-help an organization to identify the right quality, type and number of employees
-resources are wasted when the HRD is moreor less sophisticated than the organization
-cost benefit-analysis and systematicprogram reviews are vital to achieve this gal
-social priorities that HR department targets while setting own objectivesand strategies
-Goals set by HR department to assist employeesto achieve personal goals that will enhance
their contribution to the organization
-HR strategies should assist employeesin achieving their personal goals, at least insofar as these
goals enhance the individual's contributions to the organization
Strategic Human Resource Management
-formed at three levels: corporate,business, functional
Strategic HRM- integrating HRM strategies and systemsto achieve overall mission, strategies, and
success of the firm while meeting needs of employeeand other stakeholders.
Steps in Strategic HRM
2) Organizational Mission and Goals Analysis:
Mission statement- Statementoutlining the purpose, long-term objectives,and activitiesthe
organization will pursue and the course for the future
3) Analysis of Organizational Strengths and Culture
Organization Character- product of all of an organization's features- people, objectives,
technology,size, unions, policies, successes, and failures
4) Analysis of Organizational Strategies
-Cost leadership- lower costs of operations and prices for products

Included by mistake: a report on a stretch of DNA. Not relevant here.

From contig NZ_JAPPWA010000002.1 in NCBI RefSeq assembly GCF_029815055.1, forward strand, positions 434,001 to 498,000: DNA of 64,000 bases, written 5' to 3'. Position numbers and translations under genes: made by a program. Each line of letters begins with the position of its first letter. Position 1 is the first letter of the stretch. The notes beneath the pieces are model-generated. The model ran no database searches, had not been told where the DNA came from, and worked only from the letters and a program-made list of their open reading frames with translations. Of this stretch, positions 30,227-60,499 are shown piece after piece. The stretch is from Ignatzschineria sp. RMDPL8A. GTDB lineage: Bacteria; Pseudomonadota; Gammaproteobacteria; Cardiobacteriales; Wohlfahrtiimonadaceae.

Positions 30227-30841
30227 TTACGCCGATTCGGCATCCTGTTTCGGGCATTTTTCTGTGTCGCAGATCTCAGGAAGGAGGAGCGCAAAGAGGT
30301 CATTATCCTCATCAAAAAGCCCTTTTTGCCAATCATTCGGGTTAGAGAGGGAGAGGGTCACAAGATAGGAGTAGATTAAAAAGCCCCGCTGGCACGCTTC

-differentiation - distinct product
-focus - focusing on the needs of a specific segment of the total market
5) Choice and Implementationof HR Strategies
Focus on five major groups of activities
1) Planning HR
2) Attracting HR
3) Placing, Developing,and Evaluating HR
5) Maintain high performance
Service Role of the HR Department
Staff Authority- Authority to advise, but not to direct, others
Line Authority- authority to make decisions about production, performance and people
Functional Authority - Authority that allows staff experts to make decisions and take actions
normally reserved for line managers Chapter 12- Diversity Management
Saturday, February 23, 2013 3:20 PM
Old Boys' Network- set of informal relationships among male managers providing increased career
advancementopportunities for men and reinforcing a male culture
Glass Ceiling- Invisible, but real obstructions to career advancementof women and people of visible
minorities, resulting in frustration, career dissatisfaction and increased turnover